Earth-moving equipment is contouring a new parking lot and amphitheater at the lower level of the site, while the old trailer park configuration makes a perfect RV park on the upper property, Kramer said.
The terraced RV sites will maximize ocean views and should be a big draw when the park opens.
But this highly anticipated park — one of the last expected to be built along the California coast — is creating a number of issues for its nearest neighbor, El Morro Elementary School.
The park project — which survived state budget cuts and years of legal challenges — has a new wrinkle: concerns about how it will affect the school, which is located due north of the park grounds.
Opening up the park to RVs and the expected popularity of the park with its spectacular ocean views and adjacency to beautiful Crystal Cove itself has raised many parent concerns.
Some of the issues — including the fact that the RV campground will be located close to the school — have been resolved, at least in theory, according to school and park officials.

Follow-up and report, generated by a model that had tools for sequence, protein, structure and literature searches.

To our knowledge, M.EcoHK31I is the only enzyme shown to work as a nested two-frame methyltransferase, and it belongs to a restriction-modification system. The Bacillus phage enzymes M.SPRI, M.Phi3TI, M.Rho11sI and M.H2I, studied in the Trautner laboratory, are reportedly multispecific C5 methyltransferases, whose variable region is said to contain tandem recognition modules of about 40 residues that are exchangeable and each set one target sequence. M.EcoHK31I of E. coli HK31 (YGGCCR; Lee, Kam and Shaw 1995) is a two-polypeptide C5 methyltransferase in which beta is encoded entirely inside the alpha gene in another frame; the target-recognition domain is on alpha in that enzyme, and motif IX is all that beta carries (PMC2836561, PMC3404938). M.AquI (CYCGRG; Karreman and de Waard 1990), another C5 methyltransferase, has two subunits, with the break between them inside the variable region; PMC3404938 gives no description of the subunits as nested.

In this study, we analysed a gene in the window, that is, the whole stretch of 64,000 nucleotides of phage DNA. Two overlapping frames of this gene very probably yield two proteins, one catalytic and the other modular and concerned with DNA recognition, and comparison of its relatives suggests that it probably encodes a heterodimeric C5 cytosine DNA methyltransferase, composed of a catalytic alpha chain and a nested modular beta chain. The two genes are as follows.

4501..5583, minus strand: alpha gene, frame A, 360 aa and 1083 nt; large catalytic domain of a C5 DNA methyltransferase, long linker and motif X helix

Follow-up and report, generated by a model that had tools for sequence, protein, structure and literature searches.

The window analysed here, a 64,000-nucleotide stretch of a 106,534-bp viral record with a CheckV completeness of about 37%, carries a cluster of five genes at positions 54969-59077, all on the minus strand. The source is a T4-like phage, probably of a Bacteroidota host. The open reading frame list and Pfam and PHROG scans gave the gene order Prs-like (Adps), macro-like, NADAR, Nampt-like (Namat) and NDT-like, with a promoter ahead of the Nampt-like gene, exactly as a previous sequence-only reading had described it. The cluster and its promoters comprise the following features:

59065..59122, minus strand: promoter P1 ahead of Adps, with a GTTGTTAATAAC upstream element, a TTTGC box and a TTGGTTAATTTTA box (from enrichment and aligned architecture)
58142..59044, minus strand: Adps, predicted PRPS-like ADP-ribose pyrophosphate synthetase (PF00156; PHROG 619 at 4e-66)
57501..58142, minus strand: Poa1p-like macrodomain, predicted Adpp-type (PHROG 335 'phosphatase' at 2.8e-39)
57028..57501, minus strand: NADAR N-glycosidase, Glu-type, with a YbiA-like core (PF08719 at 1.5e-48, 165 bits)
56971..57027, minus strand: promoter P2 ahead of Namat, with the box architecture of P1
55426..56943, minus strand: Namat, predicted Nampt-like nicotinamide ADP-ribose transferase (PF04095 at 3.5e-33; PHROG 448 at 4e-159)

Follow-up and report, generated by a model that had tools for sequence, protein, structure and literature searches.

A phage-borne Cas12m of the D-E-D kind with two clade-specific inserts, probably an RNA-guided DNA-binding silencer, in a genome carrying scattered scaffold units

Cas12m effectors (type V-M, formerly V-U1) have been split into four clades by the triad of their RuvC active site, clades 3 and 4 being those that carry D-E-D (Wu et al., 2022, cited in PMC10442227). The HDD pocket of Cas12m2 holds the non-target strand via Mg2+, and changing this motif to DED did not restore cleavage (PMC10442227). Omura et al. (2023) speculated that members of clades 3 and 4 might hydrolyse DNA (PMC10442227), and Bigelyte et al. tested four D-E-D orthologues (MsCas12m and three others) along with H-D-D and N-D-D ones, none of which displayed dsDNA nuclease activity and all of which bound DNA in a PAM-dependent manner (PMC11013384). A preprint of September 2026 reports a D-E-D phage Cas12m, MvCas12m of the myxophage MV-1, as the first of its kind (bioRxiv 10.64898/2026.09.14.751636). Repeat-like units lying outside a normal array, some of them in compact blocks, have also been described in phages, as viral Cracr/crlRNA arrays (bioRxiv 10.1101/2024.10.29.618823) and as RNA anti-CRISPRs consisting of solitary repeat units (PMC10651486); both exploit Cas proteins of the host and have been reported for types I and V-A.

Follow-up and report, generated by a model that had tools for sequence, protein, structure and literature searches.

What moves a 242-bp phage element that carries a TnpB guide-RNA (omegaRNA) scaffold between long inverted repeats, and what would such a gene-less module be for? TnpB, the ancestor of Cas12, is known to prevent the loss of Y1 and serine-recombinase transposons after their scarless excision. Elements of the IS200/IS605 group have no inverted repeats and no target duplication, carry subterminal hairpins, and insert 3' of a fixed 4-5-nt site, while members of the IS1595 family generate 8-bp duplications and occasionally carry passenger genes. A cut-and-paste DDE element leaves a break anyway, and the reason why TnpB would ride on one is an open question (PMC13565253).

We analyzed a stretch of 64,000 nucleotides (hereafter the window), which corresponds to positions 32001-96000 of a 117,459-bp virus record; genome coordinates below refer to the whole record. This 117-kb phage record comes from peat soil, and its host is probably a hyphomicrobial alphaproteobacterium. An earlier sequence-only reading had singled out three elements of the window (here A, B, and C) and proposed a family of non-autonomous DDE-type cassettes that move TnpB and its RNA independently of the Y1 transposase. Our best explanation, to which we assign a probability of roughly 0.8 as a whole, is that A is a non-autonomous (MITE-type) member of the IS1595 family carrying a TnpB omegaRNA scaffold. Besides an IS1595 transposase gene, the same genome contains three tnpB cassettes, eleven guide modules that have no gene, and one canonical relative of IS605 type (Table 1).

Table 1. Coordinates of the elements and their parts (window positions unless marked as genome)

A 25-foot buffer zone and earthen berm will separate the campground from the school, and restrictions will be imposed on the campers, who will not be allowed to burn their campfires, or make loud noises during school hours, said Norma Shelton, Laguna Beach Unified School District’s vice principal for business services.
In addition, two camp hosts instead of one — which is the norm for the state park system — will be at the site 24 hours.
The camp hosts are volunteers who stay in their own RVs and monitor for problems.
The hosts are in addition to park rangers and other state employees who will also be at the site at all times, said Kramer.
A committee, including school representatives, will select camp hosts from a pool of applicants through an interview process, he said.
The most difficult issue for school officials and parents is how the school will share its entrance with the state park.